by Pauline Kael A friend of mine who’s in his early fifties and is eminent in his field says that when he grows up he...
by Pauline Kael At the end of The Godfather Part II (1974), the story was complete—beautifully complete. Francis Ford Coppola knew it, and for over...
by Pauline Kael Martin Scorsese’s GoodFellas has a lift. It’s like Raging Bull, except that it’s not domineering. It’s like Raging Bull made in a...
Pauline Kael reviews Sam Peckinpah's "Convoy"
Shoeshine, written by Cesare Zavattini, is a social protest film that rises above its purpose. It is a lyric study of how two boys betrayed by society betray each other and themselves
Pauline Kael reviews "Planet of the Apes", a 1968 science fiction film directed by Franklin J. Schaffner. Published in 'The New Yorker', February 17,1968
Pauline Kael reviews Sergio Leone's "The Good, the Bad and the Ugly". Published in 'The New Yorker', March 2, 1968
Pauline Kael's review of 'Superman' (1978). Published in 'The New Yorker', January 1, 1979
Pauline Kael reviews George Lucas' Star Wars. Published in 'The New Yorker', September 26, 1977
by Pauline Kael Taxi Driver is the fevered story of an outsider in New York—a man who can’t find any point of entry into human...
Pauline Kael reviews Luchino Visconti's 'The leopard' (Il Gattopardo). Published in The New Yorker, September 19, 1983
Pauline Kael reviews Brian De Palma's 'Scarface'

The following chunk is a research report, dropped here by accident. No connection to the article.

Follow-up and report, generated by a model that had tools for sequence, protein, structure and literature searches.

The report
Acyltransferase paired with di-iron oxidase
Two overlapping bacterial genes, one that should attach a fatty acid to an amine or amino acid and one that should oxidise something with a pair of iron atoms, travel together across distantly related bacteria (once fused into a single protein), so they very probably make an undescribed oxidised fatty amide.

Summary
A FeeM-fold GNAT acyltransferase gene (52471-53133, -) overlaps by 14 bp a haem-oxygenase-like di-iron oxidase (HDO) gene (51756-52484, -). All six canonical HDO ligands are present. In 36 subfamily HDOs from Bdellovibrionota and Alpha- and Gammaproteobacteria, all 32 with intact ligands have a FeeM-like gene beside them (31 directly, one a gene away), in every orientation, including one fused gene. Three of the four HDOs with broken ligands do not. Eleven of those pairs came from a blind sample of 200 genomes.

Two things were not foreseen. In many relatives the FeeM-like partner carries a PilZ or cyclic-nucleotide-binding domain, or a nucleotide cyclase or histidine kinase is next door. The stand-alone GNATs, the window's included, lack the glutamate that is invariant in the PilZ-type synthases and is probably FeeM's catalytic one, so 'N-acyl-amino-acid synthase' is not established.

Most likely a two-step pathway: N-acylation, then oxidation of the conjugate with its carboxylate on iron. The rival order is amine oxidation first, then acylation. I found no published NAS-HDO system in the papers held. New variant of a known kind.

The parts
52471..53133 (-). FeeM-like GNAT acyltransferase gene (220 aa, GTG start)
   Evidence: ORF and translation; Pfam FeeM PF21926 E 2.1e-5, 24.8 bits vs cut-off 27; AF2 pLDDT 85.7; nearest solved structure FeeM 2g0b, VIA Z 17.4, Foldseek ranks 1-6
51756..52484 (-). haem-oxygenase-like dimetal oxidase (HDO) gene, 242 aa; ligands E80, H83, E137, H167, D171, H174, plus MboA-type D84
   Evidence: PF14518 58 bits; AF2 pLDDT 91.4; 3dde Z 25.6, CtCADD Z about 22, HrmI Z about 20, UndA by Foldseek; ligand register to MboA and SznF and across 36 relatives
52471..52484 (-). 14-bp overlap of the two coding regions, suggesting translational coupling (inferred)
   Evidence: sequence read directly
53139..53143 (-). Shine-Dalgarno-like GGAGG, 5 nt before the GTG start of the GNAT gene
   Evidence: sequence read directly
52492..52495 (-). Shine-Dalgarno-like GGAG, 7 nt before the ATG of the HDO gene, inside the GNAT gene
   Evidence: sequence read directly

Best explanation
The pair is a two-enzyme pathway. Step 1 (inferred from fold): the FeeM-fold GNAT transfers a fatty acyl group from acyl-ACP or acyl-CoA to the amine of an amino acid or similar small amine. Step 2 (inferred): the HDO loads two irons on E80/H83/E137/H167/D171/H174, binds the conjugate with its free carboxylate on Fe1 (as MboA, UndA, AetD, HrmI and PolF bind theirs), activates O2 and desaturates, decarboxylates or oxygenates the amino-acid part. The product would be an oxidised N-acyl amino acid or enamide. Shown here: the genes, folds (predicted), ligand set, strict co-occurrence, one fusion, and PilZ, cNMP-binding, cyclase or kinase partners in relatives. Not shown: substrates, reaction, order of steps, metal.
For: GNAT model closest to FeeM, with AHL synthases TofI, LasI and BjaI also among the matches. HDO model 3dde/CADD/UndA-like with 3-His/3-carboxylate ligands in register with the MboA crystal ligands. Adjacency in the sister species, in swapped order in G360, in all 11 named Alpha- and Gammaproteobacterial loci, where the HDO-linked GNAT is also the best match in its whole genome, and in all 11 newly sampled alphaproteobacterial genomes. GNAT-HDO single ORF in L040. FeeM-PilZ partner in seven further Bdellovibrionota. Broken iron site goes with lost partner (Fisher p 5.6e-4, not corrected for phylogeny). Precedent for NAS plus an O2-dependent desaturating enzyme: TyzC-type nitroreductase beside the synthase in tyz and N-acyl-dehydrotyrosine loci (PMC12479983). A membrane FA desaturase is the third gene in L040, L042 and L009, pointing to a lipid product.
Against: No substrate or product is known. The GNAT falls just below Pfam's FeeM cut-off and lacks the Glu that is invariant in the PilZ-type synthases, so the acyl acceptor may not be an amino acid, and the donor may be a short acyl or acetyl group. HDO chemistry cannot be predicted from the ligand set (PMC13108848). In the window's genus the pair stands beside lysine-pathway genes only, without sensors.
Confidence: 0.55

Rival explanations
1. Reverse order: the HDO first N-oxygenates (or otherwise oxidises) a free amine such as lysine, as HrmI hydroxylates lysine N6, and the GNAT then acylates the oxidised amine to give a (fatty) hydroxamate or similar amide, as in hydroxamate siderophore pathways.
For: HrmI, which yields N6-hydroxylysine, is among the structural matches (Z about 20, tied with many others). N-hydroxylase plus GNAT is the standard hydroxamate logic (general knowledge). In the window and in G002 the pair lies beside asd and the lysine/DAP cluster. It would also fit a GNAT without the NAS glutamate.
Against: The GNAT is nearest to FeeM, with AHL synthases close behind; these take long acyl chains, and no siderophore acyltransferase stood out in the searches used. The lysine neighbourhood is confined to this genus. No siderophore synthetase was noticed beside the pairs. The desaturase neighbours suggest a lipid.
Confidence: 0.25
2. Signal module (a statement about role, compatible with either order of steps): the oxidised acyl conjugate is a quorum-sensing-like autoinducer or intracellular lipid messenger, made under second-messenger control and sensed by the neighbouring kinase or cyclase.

Pauline Kael reviews Federico Fellini's '8½'
by Pauline Kael The marketing executives are the new high priests of the movie business. It's natural. They’re handling important sums of money. And they...
by Pauline Kael As Jake la Motta, the former middleweight boxing champ, in Raging Bull, Robert De Niro wears scar tissue and a big, bent...
Pauline Kael reviews Oliver Stone's "Platoon". Published in "The New Yorker", January 12, 1987
Chances are that when Stanley Kubrick’s Vietnam film Full Metal Jacket is at midpoint a lot of moviegoers will be asking themselves what it’s going to be about, and when it’s over they still won’t know.
Kubrick literally learned to stop worrying and love the bomb; he’s become his own butt—the Herman Kahn of extraterrestrial games theory
How do you make a good movie in this country without being jumped on? Bonnie and Clyde is the most excitingly American American movie since The Manchurian Candidate.
Blade Runner doesn’t engage you directly; it forces passivity on you. It sets you down in this lopsided maze of a city, with its post-human feeling, and keeps you persuaded that something bad is about to happen.
Pauline Kael's review of Stanley Kubrick's Lolita is one of her best—inspired, incisive, exuberant
Sergio Leone's Once upon a time in America reviewed by Pauline Kael
Pauline Kael's appreciative but skeptical review of Stanley Kubrick's "The Shining", The New Yorker, 1980
Review of Stanley Kubrick's "A Clockwork Orange" written by Pauline Kael and published in The New Yorker, January 1, 1972
Review of Stanley Kubrick's Barry Lyndon, written by Pauline Kael and published in The New Yorker, December 29, 1975
Review of Michael Cimino's The Deer Hunter, written by Pauline Kael and published in The New Yorker, December 18, 1978